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william blake at the ngv 2014


       Undoubtedly when it comes to Gothic Romanticism, there is no other name more strongly connected to its pulsation than that of William Blake. A forerunner to the Age of Enlightenment and an advocate to a contrary view of traditional theology, Blake’s oeuvre occupies a more paradoxical than allegorical universe. The periphery of religious subjects which preside over a large quantity of Blake’s work is most alluring when seen through a paradigm of enlightened philosophy. A man who believed that humankind should never “cultivate their own desire” and in protestation created painterly representations to its decree; William Blake was unquestionably a poetic mediator between darkness and light. One could even comfortably say that his visual perception was in fact, a Marriage of Heaven and Hell.

       This April, the National Gallery of Victoria will host an exhibition containing William Blake’s watercolours, etchings, illustrated books and print media. Among the works showcased will be Blake’s infamous visual representation of Dante Alighieri’s The Divine Comedy. Mythical beasts, divine creation and landscapes of purgatory all of which are executed with a boldness in colour are among Blake’s finest work. Over thirty creations from this series of one hundred and twenty will be included, but due to the material’s sensitivity to light exposure, seeing them in a gallery context is an extremely rare experience.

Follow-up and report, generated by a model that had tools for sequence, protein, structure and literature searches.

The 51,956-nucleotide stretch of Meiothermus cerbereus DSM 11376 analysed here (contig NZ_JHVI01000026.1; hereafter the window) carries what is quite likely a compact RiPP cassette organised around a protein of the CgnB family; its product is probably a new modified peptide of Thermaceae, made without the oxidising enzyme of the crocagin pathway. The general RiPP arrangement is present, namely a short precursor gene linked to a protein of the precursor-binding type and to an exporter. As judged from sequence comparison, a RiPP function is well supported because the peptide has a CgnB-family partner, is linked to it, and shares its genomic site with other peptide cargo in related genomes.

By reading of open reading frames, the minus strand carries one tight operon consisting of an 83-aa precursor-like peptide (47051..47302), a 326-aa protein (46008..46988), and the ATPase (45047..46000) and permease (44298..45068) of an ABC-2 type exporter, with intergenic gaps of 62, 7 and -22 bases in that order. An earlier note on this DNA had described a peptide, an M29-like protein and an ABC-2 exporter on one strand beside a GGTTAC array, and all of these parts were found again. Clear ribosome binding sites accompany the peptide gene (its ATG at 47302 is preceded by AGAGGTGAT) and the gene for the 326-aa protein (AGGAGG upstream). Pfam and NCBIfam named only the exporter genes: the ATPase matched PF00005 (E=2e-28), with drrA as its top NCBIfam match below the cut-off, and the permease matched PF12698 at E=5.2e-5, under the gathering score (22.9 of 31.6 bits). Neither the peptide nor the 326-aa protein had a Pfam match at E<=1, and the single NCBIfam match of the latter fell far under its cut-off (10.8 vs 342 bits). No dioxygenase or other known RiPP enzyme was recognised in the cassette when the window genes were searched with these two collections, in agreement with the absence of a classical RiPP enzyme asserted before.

Blake’s incandescent watercolours are technically exquisite and, although Romantic in subject, their appearance is no doubt Symbolist in expression. In Dante Running From The Three Beasts (1824-1827), the scene visually recounts the opening of the epic poem. Dante, robed in washes of watercolour rouge is depicted in the foreground with the Roman poet Virgil. In the tale, Virgil acts as Dante’s guide through the dark passages of hell – a symbolic rendering of the notion that the light of poetic sensibility leads a beacon-like semblance through darkness.

       The exhibition will also display an exquisite illustrated copy of The Songs of Innocence, one of Blake’s earliest poems. The illustrations reveal Blake’s astute technical brilliance in the medium of printmaking. The system is entirely unique in that colour printmaking of this nature was unseen prior to Blake’s execution of this medium. This surely is an exhibition not to be missed, as it offers a rare insight into one of British Romanticism’s most important figures. Blake is a master of conceiving images of darkness and the macabre within the resplendence of ephemeral watercolours. You can see them first hand for a short time only at the National Gallery of Victoria.


William Blake (4 April – 31 August 2014)

National Gallery of Victoria / Free Entry

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